Freshservice not only provides well-structured extensive online documentation, but also gives the possibility to print out the particular article. Some guides are even available for offline reading. It means that users can download and read them whenever they have time. As for everything else, Freshservice documentation is akin to BigCommerce documentation. It also contains helpful links throughout the article, lists out several related articles on the right-hand side, and allows users to provide feedback.
K15t Software provides very good documentation that is, indeed, very simple and easy to understand. There is a separate guide for each of their products. At the bottom of the page there are three more options for the users: visit the forum, create a ticket, or browse the FAQs. In order to create truly engaging content, K15t Software includes in their KB articles not only images, but also videos. They provide a striking example of what great online documentation should look like.
Skype documentation can be considered as a classic example of standard online documentation. It is concise, consistent and quite easy to navigate. It is designed specifically for dummies who are easily baffled and want to find a quick solution without spending too much time searching for an answer.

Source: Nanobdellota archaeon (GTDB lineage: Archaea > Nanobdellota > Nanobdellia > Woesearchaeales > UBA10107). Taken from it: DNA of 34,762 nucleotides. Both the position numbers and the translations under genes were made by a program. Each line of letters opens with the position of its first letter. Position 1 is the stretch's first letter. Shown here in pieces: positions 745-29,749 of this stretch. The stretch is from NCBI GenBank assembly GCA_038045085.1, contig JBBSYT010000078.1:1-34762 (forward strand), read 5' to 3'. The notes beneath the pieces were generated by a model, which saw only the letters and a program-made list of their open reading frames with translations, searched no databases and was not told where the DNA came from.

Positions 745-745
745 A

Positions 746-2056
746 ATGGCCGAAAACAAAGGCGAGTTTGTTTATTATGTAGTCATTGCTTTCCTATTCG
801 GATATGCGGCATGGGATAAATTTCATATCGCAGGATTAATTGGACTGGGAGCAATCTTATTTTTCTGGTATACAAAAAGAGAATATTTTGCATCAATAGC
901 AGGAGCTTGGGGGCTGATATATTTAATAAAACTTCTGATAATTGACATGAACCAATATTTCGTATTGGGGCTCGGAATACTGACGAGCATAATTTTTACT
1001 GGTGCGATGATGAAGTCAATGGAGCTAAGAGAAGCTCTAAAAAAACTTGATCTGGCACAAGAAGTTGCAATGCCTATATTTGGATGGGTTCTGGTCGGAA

In comparison with Skype documentation, BMC documentation is absolutely more sophisticated in terms of its layout and the amount of information presented there. It has a tree-like structure and each topic has a number of subtopics, which makes each article very extensive and informative. Besides, BMC also provides its customers with free product guides (PDFs) and a range of training videos.
After going through the documentation that is offered by Atlassian, I realized that it really stands out from the crowd due to its interactive design. It includes videos and images along with the step-by-step instructions that help users to gain a better understanding. Atlassian provides online documentation to each of its products. It has a standard layout and includes a ‘Getting Started’ guide and several other topics. Their documentation is up to date and always keeps users aware and interested to dig deeper. Atlassian provides not only online documentation for its end users, but also API and Atlassian Enterprise documentation for developers and big companies.
What Accounts for Great Online Documentation?